As I travel around the country working with America’s
retailers, I hear the same complaint over and over again.
Their customer base is shrinking. Store aisles once jammed
with shoppers are now empty.
The simple truth is that 21st century consumers are not nearly
as enamored with the retail shopping experience as they were
during the 1990s. The tight economy coupled with concerns over
terrorist attacks have combined to bring about a shift in
priorities among America ‘s consumers. Family and home are
paramount, far outdistancing any desires for new possessions.
During the relatively peaceful economic good times of the 90s,
Americans loved to shop. Many interviewed for America’s
Research Group’s Consumer Mind Reader ™ Survey said they often
shopped eight to 10 stores during the Christmas shopping
season. Now they tell us they only shop three to five stores
at Christmas time.
The sharp decline in shopping is of concern to the entire
retail community, especially those who are experiencing it
first hand. Major department stores were especially hard hit
last year by significant losses in their customer base.
Traditionally among the top five most popular shopping
destinations attracting a third or more of all shoppers, major
department stores plummeted in 2002 to 22.5%.
I caution retailers not to expect the love of shopping to
return anytime soon. When asked whether they plan to spend
more or less during 2003 than last year, nearly 80 percent of
consumers told us they will spend the same amount or less.
Only one in five expects to spend more this year than last.
We are seeing the end result of the vanishing customer every
day. Many retailers have been forced out of business, and
corporate bankruptcies are rampant across all retail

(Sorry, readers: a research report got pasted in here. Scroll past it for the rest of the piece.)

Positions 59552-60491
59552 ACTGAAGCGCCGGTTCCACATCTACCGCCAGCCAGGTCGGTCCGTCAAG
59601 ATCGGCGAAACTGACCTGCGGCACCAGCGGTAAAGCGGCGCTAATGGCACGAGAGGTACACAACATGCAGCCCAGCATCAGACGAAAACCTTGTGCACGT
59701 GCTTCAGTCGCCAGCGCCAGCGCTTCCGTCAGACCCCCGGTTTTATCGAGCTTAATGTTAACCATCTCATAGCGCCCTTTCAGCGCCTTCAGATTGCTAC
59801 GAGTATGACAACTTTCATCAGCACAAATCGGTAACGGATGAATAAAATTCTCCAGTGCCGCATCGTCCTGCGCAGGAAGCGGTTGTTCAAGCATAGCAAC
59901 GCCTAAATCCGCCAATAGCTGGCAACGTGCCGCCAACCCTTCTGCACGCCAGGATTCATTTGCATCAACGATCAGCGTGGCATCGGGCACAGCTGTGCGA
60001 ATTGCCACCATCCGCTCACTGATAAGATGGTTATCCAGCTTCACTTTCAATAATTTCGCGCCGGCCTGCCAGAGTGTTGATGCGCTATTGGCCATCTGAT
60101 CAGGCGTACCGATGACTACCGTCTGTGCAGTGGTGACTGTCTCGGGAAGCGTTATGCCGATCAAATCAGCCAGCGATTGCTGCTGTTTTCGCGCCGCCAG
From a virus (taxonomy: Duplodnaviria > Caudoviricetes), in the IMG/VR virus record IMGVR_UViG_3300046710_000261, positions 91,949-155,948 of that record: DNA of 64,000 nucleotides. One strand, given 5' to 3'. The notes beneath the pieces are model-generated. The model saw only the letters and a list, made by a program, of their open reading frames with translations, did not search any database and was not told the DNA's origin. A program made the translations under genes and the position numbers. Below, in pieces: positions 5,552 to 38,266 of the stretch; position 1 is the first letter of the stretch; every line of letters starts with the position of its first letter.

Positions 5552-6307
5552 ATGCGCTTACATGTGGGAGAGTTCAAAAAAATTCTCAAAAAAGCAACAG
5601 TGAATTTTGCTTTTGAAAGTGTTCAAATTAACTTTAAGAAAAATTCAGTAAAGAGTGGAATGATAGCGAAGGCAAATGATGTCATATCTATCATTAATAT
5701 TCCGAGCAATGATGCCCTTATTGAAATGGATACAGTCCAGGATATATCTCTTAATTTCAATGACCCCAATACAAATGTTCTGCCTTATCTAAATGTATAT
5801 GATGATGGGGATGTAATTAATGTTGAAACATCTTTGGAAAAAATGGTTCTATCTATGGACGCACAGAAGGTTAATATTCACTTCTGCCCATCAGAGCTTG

The jolt needed to jump start spending again may be outside
the control of the retail community. Hopefully most will
weather this economic storm and live to sell another day.
Those who plan to survive would be wise to heed the words of
their former customers, who tell us one key reason they have
stopped shopping particular stores is lack of new product.
Stock your shelves with new appealing products and you stand a
better chance of luring your customer back.
Simply put, if your customers don’t see new products they
won’t see you.
TOP 10 STORES SHOPPED AT CHRISTMAS
- Discount Stores---89.5%
- Drug Stores---60.5%
- National Department Stores---40.4%
- Toy Stores---31.6%
- Book Stores---30.3%
- Music Stores---29.3%
- Home Improvement Stores---29.1%
- Apparel Stores---27.3%
- Appliance/Electronics/Computer Stores---27.2%
- Membership Warehouse Clubs---25.2%
- Discount Stores---90.3%
- Drug Stores---60.6%
- National Department Stores---49.7%
- Toy Stores---41.7%
- Major Department Stores---34.6%
- Book Stores---32.9%
- Appliance/Electronics/Computer Stores---28.3%
- Membership Warehouse Clubs---28.0%
- Home Improvement Stores---26.6%
- Music Stores---24.1%
- Discount Stores---89.7%
- Drug Stores---60.3%
- National Department Stores---57.6%
- Toy Stores---38.6%
- Major Department Stores---32.3%
- Appliance/Electronics/Computer Stores---32.0%
- Apparel Stores---31.7%
- Home Improvement Stores---30.1%
- Book Stores---26.7%
- Membership Warehouse Clubs---24.8%
Britt Beemer, founder and chairman of America’s Research
Group, is author of two best-selling business books, Predatory
Marketing and It Takes a Prophet to Make a Profit. More
detailed information is available on the America’s Research
Group website at